2. Nigella sativa L., Sp.Pl. 534. 1753. Boiss., Fl.Or. 1:68.1867, Qureshi & Chaudhri in Pak. Syst. 4(l-2):32.1988.
HARALD RIEDL and YASIN J. NASIR
Naturhistorisches Museum, Botanische Abteilung, Wien, Austria.
National Herbarium, Pakistan Agricultural Research Council, Islamabad, Pakistan.
Slender or stout annual, 15-50 cm high, loosely pubescent, sometimes hairs glandular. Stem erect, simple or branched, finely striate. Leaf-lobes 0.8-2 mm wide, acute. Flowers single, without an involucre. Sepals whitish, ovate, ± obtuse, with a short distinct stipe, puberulous. Petals with a short, thick, subulate-capitate appendix. Follicles coherent throughout their length, inflated, tuberculate. Seeds triquetrous, rugose.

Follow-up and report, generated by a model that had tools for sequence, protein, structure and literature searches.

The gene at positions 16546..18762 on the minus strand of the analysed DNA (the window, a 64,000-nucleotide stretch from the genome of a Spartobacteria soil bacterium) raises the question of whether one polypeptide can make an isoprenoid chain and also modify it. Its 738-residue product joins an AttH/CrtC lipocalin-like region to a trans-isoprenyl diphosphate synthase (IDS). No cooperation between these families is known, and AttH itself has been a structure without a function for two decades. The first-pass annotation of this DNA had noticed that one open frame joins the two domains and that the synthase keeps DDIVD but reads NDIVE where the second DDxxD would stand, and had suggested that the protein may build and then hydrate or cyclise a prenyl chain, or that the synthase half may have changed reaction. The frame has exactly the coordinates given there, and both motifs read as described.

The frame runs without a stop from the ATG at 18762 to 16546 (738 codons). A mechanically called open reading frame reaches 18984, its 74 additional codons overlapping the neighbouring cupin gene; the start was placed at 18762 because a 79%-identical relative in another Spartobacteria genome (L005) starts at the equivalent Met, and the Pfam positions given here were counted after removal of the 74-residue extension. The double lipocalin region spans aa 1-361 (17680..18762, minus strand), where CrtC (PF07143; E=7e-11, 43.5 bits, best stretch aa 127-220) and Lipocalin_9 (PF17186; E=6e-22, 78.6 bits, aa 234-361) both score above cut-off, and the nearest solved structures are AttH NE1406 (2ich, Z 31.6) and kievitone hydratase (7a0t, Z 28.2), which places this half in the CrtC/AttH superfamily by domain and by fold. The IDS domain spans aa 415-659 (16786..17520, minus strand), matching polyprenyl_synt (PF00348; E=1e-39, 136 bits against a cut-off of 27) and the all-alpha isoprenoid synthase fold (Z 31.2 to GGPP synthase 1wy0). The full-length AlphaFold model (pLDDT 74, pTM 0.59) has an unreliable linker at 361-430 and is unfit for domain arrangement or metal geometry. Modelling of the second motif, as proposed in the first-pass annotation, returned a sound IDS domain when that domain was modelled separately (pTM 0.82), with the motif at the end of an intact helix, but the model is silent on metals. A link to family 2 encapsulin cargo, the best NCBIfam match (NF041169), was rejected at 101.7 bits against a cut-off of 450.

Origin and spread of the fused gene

Fl. Per.: February-March.
Type: Described from Egypt and Crete.
B,C-6 Peshawar: Peshawar Univ. Campus, 22.2.1964, Jan. Mohd. s.n. (RAW), C-7 Rawalpindi, Coll. Ingot. s.n. (RAW).
Distribution: S. Europe, N. Africa, S.W. Asia.
Cultivated mainly as a spice as far as Ethiopia. It is difficult to tell wh ere it is actually indigenous. Obviously spontaneous plants are different from cultivated forms by shorter leaflets, the presence of more glandular hairs and more tubercles on the fruit. They have been separated as Nigella saliva var. hispidula Boiss. in Ann. Sci. Nat. ser. 2(16):360.1841, (Syn. N. sativa L. var. brachyloba Boiss., Fl.Or. 1:68.1877, Nigella glandulifora Freyn et Sint. in Bull. Herb. Boiss. Ser. 2(3):559.1903) from the type. I have seen some cultivated specimens of Nigella sativa from Pakistan.